The serum bilirubin, AST, alanine aminotransferase, AST to platelet ratio index, and alkaline phosphatase levels were not different between the biliary atresisa and non–biliary atresisa groups (P > .05). The prevalence rate of female sex was higher in those with biliary atresisa than in those without biliary atresisa (P = .0004).

       Diagnostic Role of the Serum MMP-7 Level for Biliary Atresisa

      The ROC analysis showed that a serum MMP-7 level of >1.43 ng/mL was optimal for predicting biliary atresisa (sensitivity, 97.30%; specificity, 83.20%; P < .001; Figure 1, B; Table I). The PPV, NPV, and diagnostic accuracy of a serum MMP-7 level of >1.43 ng/mL for biliary atresisa were 76.07%, 98.15%, and 88%, respectively. The serum MMP-7 level was significantly higher in samples obtained from infants with biliary atresisa at >30 days of age (n = 22) compared with ≤30 days of age (n = 14; 12.33 ± 1.31 ng/mL vs 7.25 ± 1.77 ng/mL; 95% CI, 9.61-15.05 ng/mL vs 3.43-11.07 ng/mL; P = .02; Figure 1, C).
      The ROC analysis showed that a GGT level of >216 IU/mL is optimal for predicting biliary atresisa (sensitivity, 83.33%; specificity, 84.37%; Figure 1, D). The PPV, NPV, and diagnostic accuracy of a GGT level of >216 IU/L for biliary atresisa were 69.77%, 89.47%, and 81%, respectively.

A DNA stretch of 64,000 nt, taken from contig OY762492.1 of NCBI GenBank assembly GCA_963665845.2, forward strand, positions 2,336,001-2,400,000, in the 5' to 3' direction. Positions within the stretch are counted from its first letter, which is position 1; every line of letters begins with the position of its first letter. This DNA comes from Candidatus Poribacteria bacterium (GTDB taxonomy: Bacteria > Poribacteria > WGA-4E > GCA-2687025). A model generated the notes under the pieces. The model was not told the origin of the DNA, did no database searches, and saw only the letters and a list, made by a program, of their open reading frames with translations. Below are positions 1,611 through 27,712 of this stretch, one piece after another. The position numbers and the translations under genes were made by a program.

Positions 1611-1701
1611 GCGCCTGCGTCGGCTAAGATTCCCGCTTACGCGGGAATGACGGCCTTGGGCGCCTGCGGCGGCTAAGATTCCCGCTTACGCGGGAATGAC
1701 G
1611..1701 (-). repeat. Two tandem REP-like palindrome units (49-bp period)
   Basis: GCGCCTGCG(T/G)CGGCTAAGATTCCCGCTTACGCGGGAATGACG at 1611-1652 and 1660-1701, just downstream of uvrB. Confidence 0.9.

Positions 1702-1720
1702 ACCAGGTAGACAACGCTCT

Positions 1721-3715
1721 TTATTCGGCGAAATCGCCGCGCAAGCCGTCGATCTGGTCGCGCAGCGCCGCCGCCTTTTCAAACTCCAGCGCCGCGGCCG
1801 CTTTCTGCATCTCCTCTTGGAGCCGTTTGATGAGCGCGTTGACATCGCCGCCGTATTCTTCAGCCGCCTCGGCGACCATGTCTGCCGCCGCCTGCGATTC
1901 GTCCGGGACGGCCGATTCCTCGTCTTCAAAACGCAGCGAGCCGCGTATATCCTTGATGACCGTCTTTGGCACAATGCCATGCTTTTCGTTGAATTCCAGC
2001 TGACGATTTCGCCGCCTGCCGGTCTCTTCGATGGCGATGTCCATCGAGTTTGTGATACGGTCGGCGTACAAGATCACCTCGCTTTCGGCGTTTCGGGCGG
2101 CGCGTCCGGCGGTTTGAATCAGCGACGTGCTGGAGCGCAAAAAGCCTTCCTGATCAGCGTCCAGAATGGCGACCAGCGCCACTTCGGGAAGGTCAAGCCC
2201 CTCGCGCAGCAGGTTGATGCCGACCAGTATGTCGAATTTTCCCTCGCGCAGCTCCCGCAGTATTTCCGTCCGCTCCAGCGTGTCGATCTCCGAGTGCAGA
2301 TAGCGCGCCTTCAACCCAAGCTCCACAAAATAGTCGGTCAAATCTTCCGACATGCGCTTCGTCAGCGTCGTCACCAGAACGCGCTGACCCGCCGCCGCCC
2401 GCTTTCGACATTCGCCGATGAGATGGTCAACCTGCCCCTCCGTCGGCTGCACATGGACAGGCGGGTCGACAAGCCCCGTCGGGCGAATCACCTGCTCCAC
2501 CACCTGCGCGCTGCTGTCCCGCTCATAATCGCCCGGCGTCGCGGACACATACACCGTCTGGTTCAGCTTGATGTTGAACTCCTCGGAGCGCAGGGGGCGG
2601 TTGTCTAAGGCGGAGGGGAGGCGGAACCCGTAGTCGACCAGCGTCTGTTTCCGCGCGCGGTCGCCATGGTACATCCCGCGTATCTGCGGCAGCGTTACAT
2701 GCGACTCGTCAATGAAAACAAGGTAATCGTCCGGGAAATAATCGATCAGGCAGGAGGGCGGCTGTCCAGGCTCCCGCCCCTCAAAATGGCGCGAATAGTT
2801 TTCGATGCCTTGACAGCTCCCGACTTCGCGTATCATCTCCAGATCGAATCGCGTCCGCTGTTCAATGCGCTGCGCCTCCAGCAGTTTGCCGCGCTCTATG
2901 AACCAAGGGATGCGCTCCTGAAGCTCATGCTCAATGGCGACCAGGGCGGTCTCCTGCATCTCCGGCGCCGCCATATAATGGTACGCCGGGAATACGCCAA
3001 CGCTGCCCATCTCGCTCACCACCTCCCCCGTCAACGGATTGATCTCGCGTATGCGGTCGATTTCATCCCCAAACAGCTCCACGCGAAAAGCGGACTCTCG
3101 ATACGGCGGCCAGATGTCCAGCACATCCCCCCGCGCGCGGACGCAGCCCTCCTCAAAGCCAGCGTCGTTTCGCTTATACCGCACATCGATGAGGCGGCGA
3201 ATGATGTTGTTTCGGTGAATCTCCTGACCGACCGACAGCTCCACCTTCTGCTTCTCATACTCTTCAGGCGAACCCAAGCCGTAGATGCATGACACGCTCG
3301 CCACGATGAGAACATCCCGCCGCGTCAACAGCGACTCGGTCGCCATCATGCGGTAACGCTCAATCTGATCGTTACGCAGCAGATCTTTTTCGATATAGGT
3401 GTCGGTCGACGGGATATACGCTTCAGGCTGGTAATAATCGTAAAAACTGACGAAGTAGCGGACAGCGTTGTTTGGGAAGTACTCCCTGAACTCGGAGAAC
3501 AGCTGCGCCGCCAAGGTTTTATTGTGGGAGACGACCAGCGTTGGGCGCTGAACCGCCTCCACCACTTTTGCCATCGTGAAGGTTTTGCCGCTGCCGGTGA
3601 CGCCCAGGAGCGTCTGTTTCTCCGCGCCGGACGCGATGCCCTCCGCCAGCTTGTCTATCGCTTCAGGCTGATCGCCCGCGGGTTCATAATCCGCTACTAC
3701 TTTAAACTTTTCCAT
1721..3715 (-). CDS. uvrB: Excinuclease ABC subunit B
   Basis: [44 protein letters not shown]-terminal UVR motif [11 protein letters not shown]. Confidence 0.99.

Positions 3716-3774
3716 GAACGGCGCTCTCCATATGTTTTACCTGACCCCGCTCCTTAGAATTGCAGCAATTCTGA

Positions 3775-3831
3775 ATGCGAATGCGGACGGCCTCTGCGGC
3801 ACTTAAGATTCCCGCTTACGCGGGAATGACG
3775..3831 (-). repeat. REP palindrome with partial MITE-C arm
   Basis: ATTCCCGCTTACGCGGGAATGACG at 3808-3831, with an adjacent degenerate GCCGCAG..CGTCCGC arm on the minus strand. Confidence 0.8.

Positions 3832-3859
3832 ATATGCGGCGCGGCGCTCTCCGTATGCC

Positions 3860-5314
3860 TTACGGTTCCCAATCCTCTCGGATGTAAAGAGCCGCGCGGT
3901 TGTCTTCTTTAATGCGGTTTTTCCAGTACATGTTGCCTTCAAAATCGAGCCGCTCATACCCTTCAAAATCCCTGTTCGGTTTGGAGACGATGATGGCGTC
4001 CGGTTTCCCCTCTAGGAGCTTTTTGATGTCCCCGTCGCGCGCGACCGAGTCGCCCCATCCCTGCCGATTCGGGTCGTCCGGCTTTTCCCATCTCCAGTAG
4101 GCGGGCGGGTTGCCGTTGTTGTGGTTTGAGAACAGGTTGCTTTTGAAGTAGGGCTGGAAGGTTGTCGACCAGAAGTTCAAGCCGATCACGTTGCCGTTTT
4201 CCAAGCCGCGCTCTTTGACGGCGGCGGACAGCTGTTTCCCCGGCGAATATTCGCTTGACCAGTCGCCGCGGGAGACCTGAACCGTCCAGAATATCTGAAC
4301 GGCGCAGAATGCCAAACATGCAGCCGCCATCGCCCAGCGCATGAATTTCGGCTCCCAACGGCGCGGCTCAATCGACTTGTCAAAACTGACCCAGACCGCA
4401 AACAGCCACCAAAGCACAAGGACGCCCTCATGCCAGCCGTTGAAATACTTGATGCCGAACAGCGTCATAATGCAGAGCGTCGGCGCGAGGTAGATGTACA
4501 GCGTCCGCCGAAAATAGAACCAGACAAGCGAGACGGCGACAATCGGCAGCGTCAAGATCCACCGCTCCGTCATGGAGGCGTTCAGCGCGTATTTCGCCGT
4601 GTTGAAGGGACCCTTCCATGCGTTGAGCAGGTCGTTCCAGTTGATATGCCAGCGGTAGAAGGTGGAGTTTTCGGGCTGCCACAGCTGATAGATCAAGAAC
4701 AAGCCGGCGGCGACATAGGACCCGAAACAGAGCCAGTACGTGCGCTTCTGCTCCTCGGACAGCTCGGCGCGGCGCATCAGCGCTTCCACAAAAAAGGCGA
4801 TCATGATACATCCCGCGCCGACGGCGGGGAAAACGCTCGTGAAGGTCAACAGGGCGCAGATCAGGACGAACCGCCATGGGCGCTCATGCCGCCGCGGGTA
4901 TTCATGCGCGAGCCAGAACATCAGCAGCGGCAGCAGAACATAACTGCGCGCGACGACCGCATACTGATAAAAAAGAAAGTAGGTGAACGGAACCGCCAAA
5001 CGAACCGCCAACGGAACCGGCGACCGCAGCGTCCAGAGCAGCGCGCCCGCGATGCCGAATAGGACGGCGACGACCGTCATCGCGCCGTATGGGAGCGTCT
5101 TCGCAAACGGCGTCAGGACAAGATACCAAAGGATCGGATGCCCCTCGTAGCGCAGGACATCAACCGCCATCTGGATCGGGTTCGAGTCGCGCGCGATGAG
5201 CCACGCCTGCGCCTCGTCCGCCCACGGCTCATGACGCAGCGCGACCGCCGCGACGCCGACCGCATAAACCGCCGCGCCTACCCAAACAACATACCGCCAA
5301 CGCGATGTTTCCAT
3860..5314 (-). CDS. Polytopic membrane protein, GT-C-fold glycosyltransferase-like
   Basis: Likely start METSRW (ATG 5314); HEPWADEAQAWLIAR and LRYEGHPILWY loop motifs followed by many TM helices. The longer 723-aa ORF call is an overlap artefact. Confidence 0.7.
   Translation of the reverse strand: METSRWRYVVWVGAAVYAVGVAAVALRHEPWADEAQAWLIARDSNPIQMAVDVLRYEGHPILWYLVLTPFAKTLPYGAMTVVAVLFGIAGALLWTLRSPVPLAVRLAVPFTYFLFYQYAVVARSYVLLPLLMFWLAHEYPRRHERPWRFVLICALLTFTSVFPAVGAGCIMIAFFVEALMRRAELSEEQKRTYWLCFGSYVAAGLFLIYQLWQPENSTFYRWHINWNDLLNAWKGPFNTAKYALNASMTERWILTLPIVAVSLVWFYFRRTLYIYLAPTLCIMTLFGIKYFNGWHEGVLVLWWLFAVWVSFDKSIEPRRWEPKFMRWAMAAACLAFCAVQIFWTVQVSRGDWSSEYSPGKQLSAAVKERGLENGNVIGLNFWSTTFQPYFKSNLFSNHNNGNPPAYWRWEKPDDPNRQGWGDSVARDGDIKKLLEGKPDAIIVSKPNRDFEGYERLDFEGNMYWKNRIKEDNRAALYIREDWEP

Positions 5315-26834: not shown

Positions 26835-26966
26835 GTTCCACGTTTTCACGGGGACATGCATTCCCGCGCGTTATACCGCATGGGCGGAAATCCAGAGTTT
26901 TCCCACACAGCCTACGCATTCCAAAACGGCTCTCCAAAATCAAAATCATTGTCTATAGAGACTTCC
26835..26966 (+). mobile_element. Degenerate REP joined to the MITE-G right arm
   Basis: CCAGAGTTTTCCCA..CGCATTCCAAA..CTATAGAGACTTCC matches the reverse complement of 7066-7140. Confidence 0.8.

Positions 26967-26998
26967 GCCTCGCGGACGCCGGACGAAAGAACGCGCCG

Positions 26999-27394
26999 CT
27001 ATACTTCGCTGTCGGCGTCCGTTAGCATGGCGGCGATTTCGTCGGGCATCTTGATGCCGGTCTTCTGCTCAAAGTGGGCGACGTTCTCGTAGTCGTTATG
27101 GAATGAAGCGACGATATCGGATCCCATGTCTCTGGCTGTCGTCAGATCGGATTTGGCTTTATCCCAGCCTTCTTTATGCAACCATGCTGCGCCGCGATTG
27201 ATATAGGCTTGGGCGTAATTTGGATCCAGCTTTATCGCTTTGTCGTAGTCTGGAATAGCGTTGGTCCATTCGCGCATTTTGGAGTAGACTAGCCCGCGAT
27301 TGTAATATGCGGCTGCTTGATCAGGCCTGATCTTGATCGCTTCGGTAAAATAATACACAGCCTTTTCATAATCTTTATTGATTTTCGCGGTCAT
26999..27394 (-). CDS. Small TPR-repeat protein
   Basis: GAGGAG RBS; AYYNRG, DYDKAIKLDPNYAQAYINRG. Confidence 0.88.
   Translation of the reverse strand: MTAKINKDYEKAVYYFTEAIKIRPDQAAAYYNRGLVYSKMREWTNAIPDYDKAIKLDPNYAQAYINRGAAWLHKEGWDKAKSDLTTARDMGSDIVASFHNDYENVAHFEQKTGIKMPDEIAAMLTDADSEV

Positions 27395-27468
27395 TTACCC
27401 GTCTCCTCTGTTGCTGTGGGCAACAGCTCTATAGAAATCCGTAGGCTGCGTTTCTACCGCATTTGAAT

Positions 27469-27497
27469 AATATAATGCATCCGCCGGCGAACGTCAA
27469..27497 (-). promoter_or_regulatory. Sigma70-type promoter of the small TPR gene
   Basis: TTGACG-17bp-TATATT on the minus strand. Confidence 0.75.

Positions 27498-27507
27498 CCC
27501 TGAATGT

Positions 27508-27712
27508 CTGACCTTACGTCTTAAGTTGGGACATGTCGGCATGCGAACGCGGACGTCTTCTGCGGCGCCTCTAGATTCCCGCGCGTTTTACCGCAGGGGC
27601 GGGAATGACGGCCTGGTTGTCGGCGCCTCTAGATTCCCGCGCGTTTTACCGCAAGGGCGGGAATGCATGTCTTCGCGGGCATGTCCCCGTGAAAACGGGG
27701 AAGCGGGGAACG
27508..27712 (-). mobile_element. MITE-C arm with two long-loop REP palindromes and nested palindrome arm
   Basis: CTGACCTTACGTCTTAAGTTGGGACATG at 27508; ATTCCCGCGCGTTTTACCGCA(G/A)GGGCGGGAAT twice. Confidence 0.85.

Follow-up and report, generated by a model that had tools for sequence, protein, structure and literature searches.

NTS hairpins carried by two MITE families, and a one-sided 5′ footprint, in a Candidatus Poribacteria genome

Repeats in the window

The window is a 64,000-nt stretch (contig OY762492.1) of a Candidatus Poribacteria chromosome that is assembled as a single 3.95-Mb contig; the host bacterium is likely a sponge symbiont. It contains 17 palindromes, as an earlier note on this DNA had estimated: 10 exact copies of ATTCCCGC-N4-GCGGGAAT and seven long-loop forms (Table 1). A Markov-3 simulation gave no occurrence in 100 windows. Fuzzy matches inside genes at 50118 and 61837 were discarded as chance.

A serum MMP-7 level of >1.43 ng/mL (OR, 168.64; 95% CI, 20.83-1364.98; P < .0001) and GGT level of >216 IU/L (OR, 19.61; 95% CI, 6.75-57.03; P < .0001) were predictive of biliary atresisa in univariate logistic regression analyses (Table II). The power of a serum MMP-7 level of >1.43 ng/mL and a GGT level of >216 IU/L to predict biliary atresisa remained significant in a multivariate logistic regression analysis (OR, 178.03 and 23.59; P < .001 and P < .001, respectively; Table II).
      Table IIClinical predictors of biliary atresia among infants with cholestasis
      UnivariateMultivariate
      OR (95% CI)P valueOR (95% CI)P value
      Female (n = 62) vs male (n = 38)4.71 (1.96-11.33).0011.29 (0.25-6.70).76